(a) from about 5 to about 90 weight percent of a first adhesive resin having a melt index of from about 50 to about 700;
(b) from about 5 to about 90 weight percent of a normally solid second adhesive resin having a melt index of from about 3 to about 15; and
(c) from about 5 to about 70 weight percent of a normally solid non-adhesive resin having a melt index of from about 3 to about 10.
As used herein, the term "normally solid" means that the polymer component, or polymer blend composition, to which it refers melts at a temperature above (i.e., exists in solid form at) a normal room temperature of about 25° C.
Further, the melt index figures as employed herein are determined pursuant to the procedures of ASTM D-1238 (190° C. using a 2.1 kg weight).
Suitable thermoplastic polymers for use as the first adhesive resin component of the polymer blend compositions of the present invention are somewhat polar, relatively high melt index (e.g., having a melt index of from about 50 to about 700 and preferably from about 200 to about 400) polymers including relatively low molecular weight epoxy, polyamide or polyester resins as well as the relatively high melt index random copolymers of a major portion of ethylene with a minor proportion of one or more relatively polar monomers such as ethylenically unsaturated carboxylic acid monomers (e.g., acrylic acid, methacrylic acid, crotonic acid, etc.) or the neutralized metallic salts thereof (e.g., as found in the partially neutralized ethylene/carboxylic acid copolymers which are commonly referred to in the art as ionomers); vinyl esters of alkanoic acids (e.g., vinyl acetate, vinyl propionate, vinyl butyrate, etc.); lower alkyl or hydroxyalkyl (e.g., C1 to about C8) esters of the aforementioned ethylenically unsaturated carboxylic acids (e.g., methyl acrylate, ethyl acrylate, hydroxyethyl acrylate, n-butyl acrylate, methyl methacrylate, ethyl methacrylate, etc.); and the like. Thermoplastic polymers which are particularly preferred for use as the aforementioned first adhesive resin component are copolymers having a melt index in the above-noted range and being random copolymers derived from the addition polymerization of from about 50 to about 85 weight percent ethylene with from about 15 to about 25 weight percent of an ethylenically unsaturated carboxylic acid monomer (especially acrylic or methacrylic acid) or a vinyl ester of an alkanoic acid (especially vinyl acetate or vinyl propionate) and optionally with from 0 to about 25 weight percent of one or more of the aforementioned lower alkyl or hydroxyalkyl ethylenically unsaturated carboxylic acid esters.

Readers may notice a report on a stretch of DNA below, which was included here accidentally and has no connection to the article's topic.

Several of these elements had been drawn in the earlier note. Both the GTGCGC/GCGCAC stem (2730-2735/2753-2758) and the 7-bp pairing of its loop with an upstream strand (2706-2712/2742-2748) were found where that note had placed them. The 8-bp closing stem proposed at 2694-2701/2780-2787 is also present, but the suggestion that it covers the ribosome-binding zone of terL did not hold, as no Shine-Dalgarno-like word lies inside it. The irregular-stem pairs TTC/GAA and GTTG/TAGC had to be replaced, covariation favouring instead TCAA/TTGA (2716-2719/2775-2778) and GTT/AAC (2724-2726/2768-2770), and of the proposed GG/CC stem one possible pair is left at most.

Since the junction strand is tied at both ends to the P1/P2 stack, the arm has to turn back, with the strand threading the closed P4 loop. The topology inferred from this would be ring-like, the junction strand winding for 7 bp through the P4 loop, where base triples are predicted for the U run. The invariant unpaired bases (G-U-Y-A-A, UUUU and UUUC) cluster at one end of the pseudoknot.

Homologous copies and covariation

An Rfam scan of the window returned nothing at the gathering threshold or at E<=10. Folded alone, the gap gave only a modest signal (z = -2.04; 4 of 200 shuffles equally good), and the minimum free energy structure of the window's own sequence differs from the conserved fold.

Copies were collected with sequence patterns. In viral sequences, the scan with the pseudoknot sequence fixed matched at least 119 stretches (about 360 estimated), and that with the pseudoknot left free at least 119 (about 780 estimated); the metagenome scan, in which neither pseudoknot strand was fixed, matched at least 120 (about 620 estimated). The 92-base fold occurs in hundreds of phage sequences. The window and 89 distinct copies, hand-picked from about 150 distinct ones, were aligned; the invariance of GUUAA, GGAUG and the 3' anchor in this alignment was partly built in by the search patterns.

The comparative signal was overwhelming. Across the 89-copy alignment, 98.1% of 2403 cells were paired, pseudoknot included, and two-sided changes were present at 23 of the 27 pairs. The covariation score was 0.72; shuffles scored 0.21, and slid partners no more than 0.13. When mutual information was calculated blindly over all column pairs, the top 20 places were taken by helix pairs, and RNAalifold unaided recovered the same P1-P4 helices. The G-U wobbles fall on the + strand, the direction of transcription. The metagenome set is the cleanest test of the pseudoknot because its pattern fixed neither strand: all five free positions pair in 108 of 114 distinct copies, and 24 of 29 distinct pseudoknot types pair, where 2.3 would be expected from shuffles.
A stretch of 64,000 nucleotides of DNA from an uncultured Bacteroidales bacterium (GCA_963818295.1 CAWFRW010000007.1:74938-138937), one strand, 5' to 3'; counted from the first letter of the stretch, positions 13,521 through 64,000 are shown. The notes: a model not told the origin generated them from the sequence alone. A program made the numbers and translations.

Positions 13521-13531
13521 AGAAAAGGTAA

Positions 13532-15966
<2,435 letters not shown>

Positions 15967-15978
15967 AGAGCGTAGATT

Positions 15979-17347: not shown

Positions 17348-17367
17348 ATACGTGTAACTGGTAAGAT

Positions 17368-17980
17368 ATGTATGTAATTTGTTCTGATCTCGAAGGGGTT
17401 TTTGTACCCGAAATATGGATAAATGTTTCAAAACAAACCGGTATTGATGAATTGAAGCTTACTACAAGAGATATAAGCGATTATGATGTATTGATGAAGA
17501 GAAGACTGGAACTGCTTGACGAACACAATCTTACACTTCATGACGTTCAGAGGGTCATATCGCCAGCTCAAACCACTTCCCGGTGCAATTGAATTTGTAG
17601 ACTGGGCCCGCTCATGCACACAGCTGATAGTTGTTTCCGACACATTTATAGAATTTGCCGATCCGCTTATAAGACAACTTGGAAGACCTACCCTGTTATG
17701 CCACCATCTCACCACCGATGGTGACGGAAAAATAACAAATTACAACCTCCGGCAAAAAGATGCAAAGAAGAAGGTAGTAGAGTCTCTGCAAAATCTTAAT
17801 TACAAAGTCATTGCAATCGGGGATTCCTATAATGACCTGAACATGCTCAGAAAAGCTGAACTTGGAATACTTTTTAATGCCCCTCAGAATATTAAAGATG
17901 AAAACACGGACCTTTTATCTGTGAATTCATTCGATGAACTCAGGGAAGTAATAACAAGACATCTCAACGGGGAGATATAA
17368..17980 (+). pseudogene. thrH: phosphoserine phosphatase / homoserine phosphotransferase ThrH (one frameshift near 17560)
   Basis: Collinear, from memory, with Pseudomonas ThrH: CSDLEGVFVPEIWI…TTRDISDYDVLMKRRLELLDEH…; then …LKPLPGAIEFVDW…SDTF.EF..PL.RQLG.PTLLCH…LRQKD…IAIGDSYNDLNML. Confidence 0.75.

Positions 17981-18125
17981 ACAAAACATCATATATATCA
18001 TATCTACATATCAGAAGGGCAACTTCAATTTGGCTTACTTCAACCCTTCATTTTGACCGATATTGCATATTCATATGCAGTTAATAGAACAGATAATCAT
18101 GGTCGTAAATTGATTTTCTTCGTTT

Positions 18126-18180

As has been noted, the aforementioned high melt index adhesive resin component of the present thermoplastic polymer blends can suitably constitute from about 5 to about 90 percent of the total weight of said blends. Preferably, however, such high melt index adhesive resin is employed in the blends of the present invention in the range of from about 15 to about 75 weight percent based on the total weight of such blends and most preferably such high melt index adhesive resin constitutes from about 20 to about 60 weight percent thereof.
Thermoplastic polymers suitable for use as the second adhesive resin component of the polymer blends of the present invention are somewhat polar, normally solid resins having a relatively low melt index such as, for example, those having a melt index in the range of from about 3 to about 15 and preferably in the range of from about 3 to about 10. Examples of such suitable resins include the relatively low melt index versions of the aforementioned random copolymers of a major amount of ethylene with a minor proportion of one or more ethylenically unsaturated carboxylic acid monomers and the neutralized and/or ionically crosslinked versions of such low melt index ethylene/ethylenically unsaturated carboxylic acid copolymers which are commonly referred to in the art as "ionomers". Such suitable low melt index adhesive resins also include the relatively low melt index versions of copolymers of a major proportion of ethylene with a minor proportion of other polar monomers such as, for example, vinyl esters of alkanoic acids, lower alkyl or hydroxyalkyl (e.g., C1 to about C8) esters of the above-noted ethylenically unsaturated carboxylic acids; etc., as well as the various relatively low melt index graft modified olefin polymers (such as, for example, high density polyethylene/acrylic acid graft copolymers; ethylene/vinyl acetate copolymers graft modified with ethylenically unsaturated carboxylic acid monomers such as acrylic acid, maleic anhydride, etc.); relatively low melt index polyester and polyamide resins, and the like.